LONDON -- "It's a distressing outcome, the worst possible."In the confusion from Germany's closest parliamentary election in history, Chancellor Gerhard Schroeder claimed victory again yesterday over his opponent, Angela Merkel - who again claimed victory herself.
Whatever the ultimate outcome, one thing seems clear: With leadership changes imminent in Europe's most powerful countries - in France, Britain and possibly Italy - Germany's chance to reform itself and rebound to play a stronger role in Europe has been lost for now.
The importance of Sunday's vote goes beyond Germany's borders, as reflected already by the wobbling euro, which yesterday hit a seven-week low against the dollar, a drop that has serious implications for countries throughout Europe.
Whatever government emerges in Berlin, analysts say, it will be a patchwork coalition of parties too weak to push through reforms addressing fundamental problems: no economic growth, high deficits and unemployment that exceeds 11 percent.
"It's a distressing outcome, the worst possible," said Christoph Bertram, director of the German Institute for International Politics and Security in Berlin. "At a time when we're desperate for leadership in Germany and when there is no legitimate leadership in Europe, Germany, which should have played that role, is out of the running."
In Germany's system of government, the 598 members of the lower house of parliament, the Bundestag, elect the chancellor.
That happens, almost always, by the party that wins the most seats joining forces with one of the smaller parties to create a majority and thus form a ruling coalition.
Until Sunday's vote, election results have always allowed one of the major parties to reach a majority in the parliament by joining forces with a party whose political philosophy at least resembled its own. The Social Democrats, while led by Schroeder, have governed in partnership with the Greens; the Christian Democrats, now led by Merkel, in the past have reached a majority by relying on the Free Democrats.
Or the Social Democrats and the Christian Democrats governed together - an outcome difficult to arrange in this case because Schroeder and Merkel each claims to have won the right to be chancellor.
Sunday's results gave Merkel's center-right Christian Democrats 35.2 percent of the vote; Schroeder's Social Democrats 34.3 percent; the Greens, who had been the junior partner in government, had 8.1 percent, and the recently formed extreme Left Party won 8.7 percent.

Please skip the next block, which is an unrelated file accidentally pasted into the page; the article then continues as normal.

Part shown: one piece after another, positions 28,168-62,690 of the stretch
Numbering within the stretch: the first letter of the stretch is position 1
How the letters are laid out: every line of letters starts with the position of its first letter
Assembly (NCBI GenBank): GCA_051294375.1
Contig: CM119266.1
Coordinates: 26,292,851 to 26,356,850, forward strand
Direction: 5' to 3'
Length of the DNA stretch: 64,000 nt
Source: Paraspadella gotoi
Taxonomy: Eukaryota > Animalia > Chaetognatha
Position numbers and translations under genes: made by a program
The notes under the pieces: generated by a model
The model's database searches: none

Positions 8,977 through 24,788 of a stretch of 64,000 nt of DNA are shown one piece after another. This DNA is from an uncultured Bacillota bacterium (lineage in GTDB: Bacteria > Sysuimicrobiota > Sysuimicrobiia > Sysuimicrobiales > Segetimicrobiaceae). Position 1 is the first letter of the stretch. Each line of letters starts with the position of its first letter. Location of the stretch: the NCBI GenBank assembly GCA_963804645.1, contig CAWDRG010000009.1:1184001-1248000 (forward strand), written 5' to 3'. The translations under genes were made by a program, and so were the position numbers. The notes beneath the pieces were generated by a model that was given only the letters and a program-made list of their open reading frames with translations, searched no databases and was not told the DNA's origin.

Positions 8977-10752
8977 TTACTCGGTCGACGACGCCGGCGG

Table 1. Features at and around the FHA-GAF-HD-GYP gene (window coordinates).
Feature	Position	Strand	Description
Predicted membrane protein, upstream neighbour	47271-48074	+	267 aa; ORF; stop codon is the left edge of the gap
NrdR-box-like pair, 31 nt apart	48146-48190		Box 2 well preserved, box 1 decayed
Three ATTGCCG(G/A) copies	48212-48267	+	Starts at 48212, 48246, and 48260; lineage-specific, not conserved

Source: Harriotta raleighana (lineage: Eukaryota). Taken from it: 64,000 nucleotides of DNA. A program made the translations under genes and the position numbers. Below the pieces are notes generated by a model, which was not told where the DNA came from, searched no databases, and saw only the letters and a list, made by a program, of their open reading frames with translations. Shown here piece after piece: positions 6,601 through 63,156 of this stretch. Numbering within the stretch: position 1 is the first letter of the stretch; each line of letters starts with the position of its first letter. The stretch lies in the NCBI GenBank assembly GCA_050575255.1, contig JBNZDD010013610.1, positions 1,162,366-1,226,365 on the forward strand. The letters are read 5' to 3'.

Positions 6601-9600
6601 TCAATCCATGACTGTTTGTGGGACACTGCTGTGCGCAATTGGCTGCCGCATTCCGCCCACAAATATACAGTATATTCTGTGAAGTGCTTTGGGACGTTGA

All of those numbers add up to one thing: Every combination of parties that could possibly be created to reach a majority will create a government of opposing political philosophies.
"Those who wanted a change in the chancellery have failed grandiosely," Schroeder said to a cheering throng Sunday night while Merkel told a mostly downcast group of supporters that they had managed to unseat the ruling coalition.
"In this case, there is a mathematical winner but it is impossible not to recognize there is an emotional winner," said Ulrike Guerot, senior transatlantic fellow at the German Marshall Fund in Berlin. "Schroeder was so far down and Merkel was so far up, that a lot of Germans see the results as a victory for him and a defeat for her."
Without doubt, Schroeder gained momentum in the last days before the vote. He rebounded from 20 points down, according to some polls, and his turnaround was displayed as much by the reaction of the candidates Sunday night as by the numbers.
As each party leader addressed supporters Sunday, Schroeder bounced energetically onto a stage, fists raised, cheered as if a rock star. Merkel, on the other hand, shuffled before her supporters as if she was looking for a lost dog and spoke as if in church - and her congregation was respectfully quiet.
Yesterday, all parties were in negotiations with all other parties. Most analysts predict - without much confidence - that the two major parties will form a coalition, with or without Schroeder.
That would leave Schroeder's Social Democrats and its go-it-slow approach to reform - including modest tax cuts and modest reductions in benefits that the party argues are already in place - ruling with Merkel's Christian Democrats, who favors pro-business, free-market reforms and steep reductions in social welfare.
"Whatever coalition is formed will mean compromise like never before," said Guerot, of the German Marshall Fund.
The politics of assembling a coalition could mean policy changes for either a Schroeder-led or a Merkel-led government. Merkel, for example, might lure the Greens as a partner by agreeing to close nuclear power plants, which the outgoing government had planned.
Aside from Germany's internal problems, the election came at an especially bad time because of pending changes to the countries that historically have had the most to say about the direction of Europe.